Mews, part II

If you missed the first post I made about mews and building my own mews, you can find it here.

This is only a brief update about how my mews are coming.  It’s taking a lot longer to build it then I thought it would take and I have less free time than I expected. I bought some more 2×4’s, enough to finish making the wall panels.  It’s taking awhile to get all of the wood because it’s pretty expensive and I can only fit so much in the back of our Elantra.


Sarah and I buying 21 2×4’s

I still need to buy the wood and plastic for a roof, as well as the 4×4’s for corner posts, but it’s certainly coming along.

I only finished one panel and half-finished two others since my first post about mews.  The two that are half finished are the front panels that will have barred windows.  I don’t have to 2×6’s and 2×3’s to make the windows, but the frames and bottom panels are assembled and both are painted.

The panel that I finished I’m actually rather proud of.  Sarah brought home a piece of glass, 36″x24″ or something like that.  I thought I’d frame the glass and install it on the side panel for the equipment room to allow some light to get in.  I wasn’t sure exactly how to go about it when I realized the simplest solution – cut a channel into the mid-brace 2×4 and then cut a second brace and two side pieces to frame the glass.  Cutting the channels wasn’t overly difficult with a radial arm saw, though I was a bit worried the whole time about the blade catching the wood and shooting it out into the driveway.  I ended up having to offset the blade just a hair from the center line and making two passes, flipping the wood around for the second pass, as the glass was wider than the saw blade.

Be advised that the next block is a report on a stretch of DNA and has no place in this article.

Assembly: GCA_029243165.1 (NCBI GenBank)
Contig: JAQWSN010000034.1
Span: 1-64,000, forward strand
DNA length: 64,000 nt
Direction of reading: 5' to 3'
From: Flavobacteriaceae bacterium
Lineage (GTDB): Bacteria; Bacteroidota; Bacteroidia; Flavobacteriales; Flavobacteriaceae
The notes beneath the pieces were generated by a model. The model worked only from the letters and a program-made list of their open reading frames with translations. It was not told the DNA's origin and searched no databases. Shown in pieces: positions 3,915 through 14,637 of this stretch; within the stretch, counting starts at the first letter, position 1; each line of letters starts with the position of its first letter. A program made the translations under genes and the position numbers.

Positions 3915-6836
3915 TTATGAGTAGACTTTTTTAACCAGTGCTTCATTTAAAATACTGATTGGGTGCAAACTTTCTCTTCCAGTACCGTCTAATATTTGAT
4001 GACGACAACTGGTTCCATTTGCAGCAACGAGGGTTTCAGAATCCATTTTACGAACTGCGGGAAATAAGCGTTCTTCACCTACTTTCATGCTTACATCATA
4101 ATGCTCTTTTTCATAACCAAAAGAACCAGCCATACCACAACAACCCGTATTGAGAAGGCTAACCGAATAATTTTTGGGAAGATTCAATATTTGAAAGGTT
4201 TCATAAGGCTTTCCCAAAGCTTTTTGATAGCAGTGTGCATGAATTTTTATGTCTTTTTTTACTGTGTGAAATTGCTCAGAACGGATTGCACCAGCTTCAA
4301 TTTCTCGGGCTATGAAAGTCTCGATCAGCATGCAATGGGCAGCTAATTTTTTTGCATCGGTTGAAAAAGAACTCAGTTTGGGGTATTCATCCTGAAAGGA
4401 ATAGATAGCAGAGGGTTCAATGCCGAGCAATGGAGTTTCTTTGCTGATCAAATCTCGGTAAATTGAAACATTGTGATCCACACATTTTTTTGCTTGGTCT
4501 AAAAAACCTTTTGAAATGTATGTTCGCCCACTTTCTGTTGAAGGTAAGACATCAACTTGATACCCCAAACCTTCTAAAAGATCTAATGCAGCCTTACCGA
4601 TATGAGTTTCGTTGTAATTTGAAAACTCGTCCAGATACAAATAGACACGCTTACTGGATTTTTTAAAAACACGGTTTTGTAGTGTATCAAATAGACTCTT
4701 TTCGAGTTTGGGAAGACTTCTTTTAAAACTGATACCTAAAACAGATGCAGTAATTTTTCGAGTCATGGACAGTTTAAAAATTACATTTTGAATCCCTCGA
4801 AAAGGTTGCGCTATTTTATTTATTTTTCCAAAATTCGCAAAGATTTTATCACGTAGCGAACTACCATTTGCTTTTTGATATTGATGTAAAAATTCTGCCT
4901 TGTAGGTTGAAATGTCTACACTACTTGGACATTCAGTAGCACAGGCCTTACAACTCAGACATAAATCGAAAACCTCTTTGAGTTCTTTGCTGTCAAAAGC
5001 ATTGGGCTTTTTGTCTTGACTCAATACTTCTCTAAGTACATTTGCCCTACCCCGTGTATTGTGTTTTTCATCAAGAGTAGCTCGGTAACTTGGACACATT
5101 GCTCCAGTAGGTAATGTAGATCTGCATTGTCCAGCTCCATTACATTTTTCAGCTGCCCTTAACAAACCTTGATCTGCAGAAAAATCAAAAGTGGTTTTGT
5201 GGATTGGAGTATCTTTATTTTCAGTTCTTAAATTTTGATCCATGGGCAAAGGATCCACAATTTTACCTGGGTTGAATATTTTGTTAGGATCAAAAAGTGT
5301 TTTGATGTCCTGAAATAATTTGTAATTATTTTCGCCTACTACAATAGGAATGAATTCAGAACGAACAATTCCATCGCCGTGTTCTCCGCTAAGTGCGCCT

Cutting the channels in the window framing.

This left a thin strip of wood, perhaps 1/64″ to 1/32″ thick between the blade cuts.  It was easy enough to remove with a wide wood chisel.

After cutting the channels I painted the window frame pieces and the rest of the partly assembled panel – didn’t want to get paint of the glass once it was installed.


Window framing, after painting

I had to cut the section out of the panel where the window was going to be installed.  I ended up propping the panel up on some 2×4’s and using a circular saw.  It may have not been the safest way to cut the hole, but it worked.


Painted panel before cutting the window hole.

After that the panel was as easy to assemble as all the rest of the panels, predrilling some holes and zipping screws in.


Panel with the framed window in place


Closer detail of the window


The cordless drill died after I predrilled the holes but before I could put in most of the screws. I laid a screw next to each hole so it would be quicker to finish when the battery charged. Sarah kept calling it my art project, and I thought it was even more so when it was illuminated by the car headlights.

So far the total cost of materials breaks down like this:

35 2×4’s – $136.53

9 3/8″ 4×8′ plywood – $146.01

5 lbs 3″ wood screws – $30.16

5 gallons white paint, paint roller, brush, paint tray – $87.71

TOTAL = $400.41

As I said earlier, I still need to buy material for the roof, as well as hinges for the doors and figure out what I’ll do for the floor, so this price will go up a bit more.



Filed under Falconry

3 responses to “Mews, part II

  1. Pingback: Falconry test | Skvarla Falconry

  2. Pingback: Mews III | Skvarla Falconry

  3. Pingback: Mews IV | Skvarla Falconry

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